This message brought to you by Hallmark, er, Sarah.

Some years, a whole winter can go by without any decent snow accumulation. I’m sure this winter, there are many from the East and Midwest who would gladly trade places with us. Snow seems to be one of those things that fall in to the ‘feast or famine’ category — you either don’t get enough, or you receive a surfeit. Also, when we do finally get some snow, it often falls on a Sunday morning, when we are in church. It is not unusual for it all to melt away by the time we get home.

David and Sarah are huge fans of the snow. Whenever we get a few flakes, they run outside and try to catch them on their tongues, giddy with the excitement. This morning, they were outside at 8 am, making a snowman.

We're not as cool as Zach and Angie, who built one last night at 10 pm.

We’re not as cool as Angie and Zach, who built one last night at 10 pm.

Last night the snow started around 6 pm, and by 11 we had about 2 inches. About 10 pm, Daniel called his buddy, Jake, and soon they had a plan.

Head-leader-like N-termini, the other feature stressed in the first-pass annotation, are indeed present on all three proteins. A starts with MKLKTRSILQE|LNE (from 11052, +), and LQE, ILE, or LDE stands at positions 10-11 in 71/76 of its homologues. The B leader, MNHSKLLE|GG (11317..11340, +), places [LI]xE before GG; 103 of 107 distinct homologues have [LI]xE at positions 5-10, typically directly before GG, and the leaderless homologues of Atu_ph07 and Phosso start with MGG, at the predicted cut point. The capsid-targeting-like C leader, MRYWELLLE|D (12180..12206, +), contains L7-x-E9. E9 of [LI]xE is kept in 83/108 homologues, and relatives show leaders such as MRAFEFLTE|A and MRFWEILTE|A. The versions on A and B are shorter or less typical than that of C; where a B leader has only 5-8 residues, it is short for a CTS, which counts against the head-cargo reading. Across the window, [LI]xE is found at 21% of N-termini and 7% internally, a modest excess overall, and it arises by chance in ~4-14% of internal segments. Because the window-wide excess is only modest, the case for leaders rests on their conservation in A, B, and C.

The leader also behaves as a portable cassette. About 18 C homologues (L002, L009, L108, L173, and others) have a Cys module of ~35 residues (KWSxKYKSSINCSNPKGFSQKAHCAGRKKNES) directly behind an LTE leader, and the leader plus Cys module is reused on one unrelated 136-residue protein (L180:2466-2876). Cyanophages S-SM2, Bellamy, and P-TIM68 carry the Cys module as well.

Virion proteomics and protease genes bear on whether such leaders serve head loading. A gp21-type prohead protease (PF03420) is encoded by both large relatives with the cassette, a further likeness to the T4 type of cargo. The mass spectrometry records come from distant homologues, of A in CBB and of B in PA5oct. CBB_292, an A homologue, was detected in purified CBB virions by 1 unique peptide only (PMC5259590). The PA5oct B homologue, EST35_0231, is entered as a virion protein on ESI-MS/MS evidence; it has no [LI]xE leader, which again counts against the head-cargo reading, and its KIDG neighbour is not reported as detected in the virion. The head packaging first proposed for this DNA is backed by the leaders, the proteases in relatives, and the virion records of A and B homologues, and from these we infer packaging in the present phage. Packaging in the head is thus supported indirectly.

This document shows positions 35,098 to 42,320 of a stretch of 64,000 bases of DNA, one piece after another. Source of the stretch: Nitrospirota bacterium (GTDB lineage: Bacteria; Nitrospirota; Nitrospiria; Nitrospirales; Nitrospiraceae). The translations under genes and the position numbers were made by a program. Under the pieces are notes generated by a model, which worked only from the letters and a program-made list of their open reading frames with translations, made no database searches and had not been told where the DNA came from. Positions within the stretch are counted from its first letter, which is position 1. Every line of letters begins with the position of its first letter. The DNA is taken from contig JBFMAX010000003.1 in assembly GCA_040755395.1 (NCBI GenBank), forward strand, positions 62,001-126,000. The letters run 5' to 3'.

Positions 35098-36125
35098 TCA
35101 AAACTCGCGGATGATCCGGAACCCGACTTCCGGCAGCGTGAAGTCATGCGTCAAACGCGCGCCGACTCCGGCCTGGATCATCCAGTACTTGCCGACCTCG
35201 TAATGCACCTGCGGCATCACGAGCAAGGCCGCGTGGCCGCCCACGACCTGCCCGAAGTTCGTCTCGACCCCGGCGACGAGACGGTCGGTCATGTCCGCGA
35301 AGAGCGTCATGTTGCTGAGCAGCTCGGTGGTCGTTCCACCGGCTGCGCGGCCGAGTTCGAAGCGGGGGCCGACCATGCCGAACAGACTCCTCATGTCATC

“May I go over to Jake’s house to play in the snow?” he asked me. Jake has a big hill on his street.

“Sure,” I told him. “But I’m not driving you. It is pretty late … ”

Stubbornness runs deep in our blood, from both sides of the family. Failing to persuade Rachel to drive him (her car was slipping all over the road) Daniel walked almost 2 miles to his friend’s house.

“Be home before midnight,” I told him, knowing he’d barely have time to get there and back.

At 11:45, he called me. “Um, it took me longer to get here than I thought … can I spend the night here?”

This is our actual Daniel.